How to remain customer-centric during COVID-19

- May 8, 2020 3 MIN READ
happy customer

The impact of COVID-19 has undoubtedly changed the way we live, work and interact. Many businesses, both big and small, are feeling the effects of the pandemic and as a result, they’re adapting. Whether it’s their marketing strategies, product offerings or new technologies — they are pivoting, and pivoting quickly, writes Kat Warboys, Head of Marketing ANZ Hubspot.

Through times of uncertainty, it’s easy to lose sight of what’s important, and now, more than ever, businesses need to have a clear strategy. The most successful companies are those who implement a customer-first approach, with the customer at the heart of everything they do.

HubSpot user, Weploy, is a prime example of a business doing this well. Traditionally a marketplace for hiring on-demand, they launched a new, free platform, designed to help workers who have been stepped down during the pandemic to find new roles quickly. It’s these strategies that will help see businesses through to the other side.

Treating customers like a person, not a persona

During these turbulent times, businesses need to invest in customer relationships. A crisis like the one we’re experiencing now puts both the strengths and weaknesses in your customer relationships under a spotlight. No matter what type of business you run — your most important stakeholders right now are your customers, and how you communicate with them has never been more important. The key to doing this right is to keep all interactions meaningful and human.

It’s imperative to remember that when you send an email, pick up the phone, or respond to a customer enquiry that you are never communicating with a persona. You are communicating with a person. Respecting their individuality and uniqueness is how you will grow better. This might mean laying off the promotional push in your communications with customers, and instead focusing on providing them with helpful information and offerings. Being respectful of your customers and the circumstances they could be facing will help maintain their trust and loyalty.

Customer behaviours are also changing. This means, unfortunately, that even some of your most loyal customers will need to make the hard decision to leave. There’s nothing more annoying from a customer’s perspective than signing up to a product or service and struggling to unsubscribe. If you block the exit when customers try to leave or discontinue service, this often leaves a negative impact and significantly decreases the chances of the customer returning.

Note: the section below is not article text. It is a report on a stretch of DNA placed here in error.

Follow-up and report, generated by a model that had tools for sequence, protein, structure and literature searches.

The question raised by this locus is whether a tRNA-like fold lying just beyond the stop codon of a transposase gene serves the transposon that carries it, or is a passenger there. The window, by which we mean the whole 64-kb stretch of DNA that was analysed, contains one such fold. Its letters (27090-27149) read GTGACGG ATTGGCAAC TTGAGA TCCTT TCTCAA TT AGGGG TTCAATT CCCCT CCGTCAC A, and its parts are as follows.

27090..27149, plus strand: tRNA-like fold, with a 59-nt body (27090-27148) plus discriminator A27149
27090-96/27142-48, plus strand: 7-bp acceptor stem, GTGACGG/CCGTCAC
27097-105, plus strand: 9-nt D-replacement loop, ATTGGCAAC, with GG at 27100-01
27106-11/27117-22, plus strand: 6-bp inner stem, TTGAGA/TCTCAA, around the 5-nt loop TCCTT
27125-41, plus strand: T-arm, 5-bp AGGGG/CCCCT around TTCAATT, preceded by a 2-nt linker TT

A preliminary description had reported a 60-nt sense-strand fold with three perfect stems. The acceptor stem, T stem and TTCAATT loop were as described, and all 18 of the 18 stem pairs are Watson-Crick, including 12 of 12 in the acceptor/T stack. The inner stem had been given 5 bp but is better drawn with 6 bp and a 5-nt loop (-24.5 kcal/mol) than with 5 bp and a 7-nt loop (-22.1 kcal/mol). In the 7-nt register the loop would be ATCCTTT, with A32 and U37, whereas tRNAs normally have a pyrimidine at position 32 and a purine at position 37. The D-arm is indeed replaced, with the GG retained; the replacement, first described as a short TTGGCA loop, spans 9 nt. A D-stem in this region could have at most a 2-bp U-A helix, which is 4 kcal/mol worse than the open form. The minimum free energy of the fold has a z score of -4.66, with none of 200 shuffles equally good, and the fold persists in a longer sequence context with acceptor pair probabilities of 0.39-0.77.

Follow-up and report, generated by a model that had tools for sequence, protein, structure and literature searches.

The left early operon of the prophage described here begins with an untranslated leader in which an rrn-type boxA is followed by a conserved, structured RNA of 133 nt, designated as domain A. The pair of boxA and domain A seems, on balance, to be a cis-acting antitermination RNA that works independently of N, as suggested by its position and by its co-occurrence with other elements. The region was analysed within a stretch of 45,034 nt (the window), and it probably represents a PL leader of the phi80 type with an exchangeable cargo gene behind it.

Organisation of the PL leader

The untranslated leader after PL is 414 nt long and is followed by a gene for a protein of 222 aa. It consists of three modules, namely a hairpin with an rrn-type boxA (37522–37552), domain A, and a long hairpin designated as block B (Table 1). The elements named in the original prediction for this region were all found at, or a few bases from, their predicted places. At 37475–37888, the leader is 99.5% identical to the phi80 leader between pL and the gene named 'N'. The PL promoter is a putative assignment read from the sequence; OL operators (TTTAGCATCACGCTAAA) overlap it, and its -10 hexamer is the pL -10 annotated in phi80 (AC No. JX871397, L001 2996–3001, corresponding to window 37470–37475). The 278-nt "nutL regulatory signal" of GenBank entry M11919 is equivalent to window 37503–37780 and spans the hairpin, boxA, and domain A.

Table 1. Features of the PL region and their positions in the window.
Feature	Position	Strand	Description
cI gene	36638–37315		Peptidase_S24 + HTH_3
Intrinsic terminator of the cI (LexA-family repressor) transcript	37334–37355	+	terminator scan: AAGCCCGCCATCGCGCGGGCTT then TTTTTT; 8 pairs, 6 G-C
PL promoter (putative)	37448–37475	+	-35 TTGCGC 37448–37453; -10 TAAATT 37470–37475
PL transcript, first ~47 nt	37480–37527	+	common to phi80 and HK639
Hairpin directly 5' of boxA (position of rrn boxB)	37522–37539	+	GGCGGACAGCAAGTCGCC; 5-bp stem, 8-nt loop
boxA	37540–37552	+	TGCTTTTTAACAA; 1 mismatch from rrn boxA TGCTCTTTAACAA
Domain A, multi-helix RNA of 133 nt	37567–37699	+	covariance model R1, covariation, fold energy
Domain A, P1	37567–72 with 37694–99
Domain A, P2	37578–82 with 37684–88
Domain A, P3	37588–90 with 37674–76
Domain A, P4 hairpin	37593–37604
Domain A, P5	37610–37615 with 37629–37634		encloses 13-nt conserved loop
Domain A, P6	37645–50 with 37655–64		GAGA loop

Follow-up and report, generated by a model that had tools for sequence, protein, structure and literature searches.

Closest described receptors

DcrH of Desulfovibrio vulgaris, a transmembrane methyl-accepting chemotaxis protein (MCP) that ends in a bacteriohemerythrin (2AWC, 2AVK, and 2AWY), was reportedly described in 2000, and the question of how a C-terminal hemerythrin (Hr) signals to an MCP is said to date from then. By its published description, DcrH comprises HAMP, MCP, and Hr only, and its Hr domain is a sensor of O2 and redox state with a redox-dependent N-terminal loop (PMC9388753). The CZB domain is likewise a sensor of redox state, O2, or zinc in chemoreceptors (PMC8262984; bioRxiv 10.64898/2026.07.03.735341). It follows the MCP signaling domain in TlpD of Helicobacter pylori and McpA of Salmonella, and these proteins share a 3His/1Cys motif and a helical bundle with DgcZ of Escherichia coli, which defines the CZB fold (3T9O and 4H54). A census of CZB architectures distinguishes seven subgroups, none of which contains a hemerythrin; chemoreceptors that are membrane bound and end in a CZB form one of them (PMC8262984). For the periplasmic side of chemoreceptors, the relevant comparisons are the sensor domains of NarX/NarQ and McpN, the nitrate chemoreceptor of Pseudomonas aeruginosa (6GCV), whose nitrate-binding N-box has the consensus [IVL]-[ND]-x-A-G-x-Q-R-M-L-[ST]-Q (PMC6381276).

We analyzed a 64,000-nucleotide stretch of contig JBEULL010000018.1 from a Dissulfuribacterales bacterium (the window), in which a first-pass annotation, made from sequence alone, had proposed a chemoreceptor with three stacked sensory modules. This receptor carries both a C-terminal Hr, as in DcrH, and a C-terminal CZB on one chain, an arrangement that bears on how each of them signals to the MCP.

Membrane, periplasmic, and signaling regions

How you interact with your customers during these times of economic uncertainty will define your business in the hearts of your customers for months to come.

Ask for feedback, and act on it

As we enter new territory, it’s essential to be asking for customer feedback and acting on it. You need to know what questions are running through their minds; what concerns, fears and doubts are keeping them up at night. The easiest way to get the answers to these questions is simply to ask. Remember, the absence of a customer complaint is not a compliment, and the absence of feedback does not always mean you have a fan.

HungryHungry, an Aussie business reinventing the hospitality ordering experience, is a prime example of a company who listened to feedback and solved for their customers. With cafes, restaurants and bars no longer open for in-venue dining, their ‘at the table’ ordering technology was put on hold. Many of their customers shifted to take-away only, and in response, HungryHungry worked around the clock to build an online ordering platform to support them.

Embracing the now

Businesses who keep their customers front of mind and ensure they listen and act will be the ones to successfully connect with customers and build lasting relationships that go beyond the current situation. Even in survival mode, the trust you have with your customers is your greatest asset. You will likely need to make sacrifices and changes to the way you market, engage, sell and serve — but it is the relationship you have built with your customers that will see you through these hard times.


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